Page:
Today we have Zack Greinke scaring the bejeebus out of Los Angeles County, the Yankees expanding their infielder search to the nearly dead, and the Friars opting for the wait-then-trade approach. Also, the Yankees added another right-handed hitting outfielder, David Ortiz's return is looking iffy, and Johan Santana is unhappy for some reason.
Finally, a brief discussion on cover songs.
The Big Three
1. I'm not even a Dodgers fan and my heart stopped a little bit when I heard that Zack Greinke was flying to LA to have his elbow tested. I think it was more of an "Oh my God I can't believe the Angels wanted to sign him!" type of overreaction, but there was definite heart stoppage nonetheless. A bum elbow is just about the worst news that any pitcher can get, and I'm sure Ned Colletti and his rag-tag gang of millionaires will do a collective facepalm if it turns out to be serious (early indications are that it's just some swelling). Yes, the Dodgers have a plethora of back-up options if Greinke does go down, but that doesn't really soften the blow of doling out $20+ million for a seat-filler. There's no knowing what was going through Greinke's mind on his way to California, but one imagines there was a bit of frustration and worry about not being able to take the hill come April. Let's hope he'll be alright.
2. Oh boy, this is getting kind of ridiculous. I'll give Brian Cashman some points for creativity, but it's hard not to look at his latest foray into finding a new corner infielder a move of incredible desperation. The newly lame Yankees GM has reached out to three recent retirees -- Chipper Jones, Scott Rolen, and Derrek Lee -- about joining the Bombers for at least the first part of the season. While any one of the three is probably a better option than what's available on the open market, the likelihood that they'll suit back up for essentially a few months of playing time seems highly unlikely. Rolen is probably the best bet to give the Bronx a try, but it seems that he's pretty set on getting more than $4 million for his services, which is a lot for half a season from a part-time third baseman, even one on the Yankees.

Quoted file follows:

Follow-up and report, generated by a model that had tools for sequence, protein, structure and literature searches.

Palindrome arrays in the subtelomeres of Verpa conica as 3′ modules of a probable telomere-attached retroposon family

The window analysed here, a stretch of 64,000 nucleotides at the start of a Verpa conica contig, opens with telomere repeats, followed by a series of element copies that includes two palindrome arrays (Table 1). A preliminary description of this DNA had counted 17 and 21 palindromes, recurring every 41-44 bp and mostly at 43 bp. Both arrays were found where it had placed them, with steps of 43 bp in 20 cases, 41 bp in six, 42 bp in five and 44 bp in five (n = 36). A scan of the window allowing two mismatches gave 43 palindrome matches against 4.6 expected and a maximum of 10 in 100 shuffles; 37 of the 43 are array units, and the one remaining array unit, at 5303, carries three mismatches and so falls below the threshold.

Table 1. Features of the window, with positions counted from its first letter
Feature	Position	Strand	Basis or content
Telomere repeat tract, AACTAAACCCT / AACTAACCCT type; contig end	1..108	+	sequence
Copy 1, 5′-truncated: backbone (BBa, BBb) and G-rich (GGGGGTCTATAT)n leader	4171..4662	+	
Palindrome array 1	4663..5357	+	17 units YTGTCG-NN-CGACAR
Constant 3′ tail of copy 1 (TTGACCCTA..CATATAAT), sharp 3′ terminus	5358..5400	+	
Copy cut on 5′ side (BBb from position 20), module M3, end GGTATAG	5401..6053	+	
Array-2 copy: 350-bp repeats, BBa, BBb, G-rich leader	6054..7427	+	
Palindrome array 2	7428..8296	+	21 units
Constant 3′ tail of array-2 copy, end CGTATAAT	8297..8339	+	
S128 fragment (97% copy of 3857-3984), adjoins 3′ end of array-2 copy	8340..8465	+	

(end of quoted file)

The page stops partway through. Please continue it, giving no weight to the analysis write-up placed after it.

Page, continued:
3. Well, so much for the Padres trading away Chase Headley before Opening Day. The Friars seem to be taking the Alfonso Soriano approach when it comes to their star third baseman: the club is going to wait until they've fallen out of contention this season before deciding whether or not to shop Headley on the trade market. The approach seems to make more sense for San Diego -- who boasts a young, powerful club that just can't seem to stay healthy -- than it does for Chicago, who still seem to be a long way from competing in the NL Central. If the Yankees can somehow pull a rabbit out of their hat and get rid of A-Rod, then I can see Headley going to New York at the deadline. If not, then it's really anyone's ballgame.
In Other News...
1. Just a few hours after being released by the Indians, Ben Francisco found a new home. The Yankees swooped in and signed the outfielder to a minor-league deal, giving the Bombers yet another fringy guy to compete for playing time in left field while Curtis Granderson recovers.
2. David Ortiz probably won't make it into Boston's Opening Day line-up after all. The slugger's Achilles tendon is still giving him fits, so the Red Sox are surveying their options for an early-season substitute. Bobby Abreu and Jim Thome (yes!) have come up, but expect Boston to go with an in-house option.
3. Johan Santana is apparently "bitter" at Mets' officials for pointing out the obvious -- that he wasn't in pitching shape -- when he arrived at camp last month. Seeing as Santana is going to start the season on the DL, I don't understand what he has to be angry about. They were right.
Cover songs are a weird thing.
I've always been a bit fascinated by groups like Alien Ant Farm and The Ataris whose sole claim to fame is covering someone else's big hit. It's not as though their versions were reinventing the wheel, it's just that they were different and happened to get some play time.
It must be an incredibly weird and depressing feeling as a musician to have fans who are only there to hear you play someone else's song. (That's not to speak of cover bands, who are in a realm all their own.)
Anywho... we seem to be in a strange period now where everyone with a YouTube account makes a cover of the latest hit song (e.g.: Gotye's Somebody That I Used to Know), which leads to almost immediate over-saturation and, unfortunately, turns the original into a weird sort of cliche.
I bring all this up to say that as a result of the constant bombardment of covers, it's become really nice (for me, at least) to happen upon an old, well-produced cover that's slipped through the cracks. For instance, did you know that Aretha Franklin made a cover of "The Weight?" Check it out: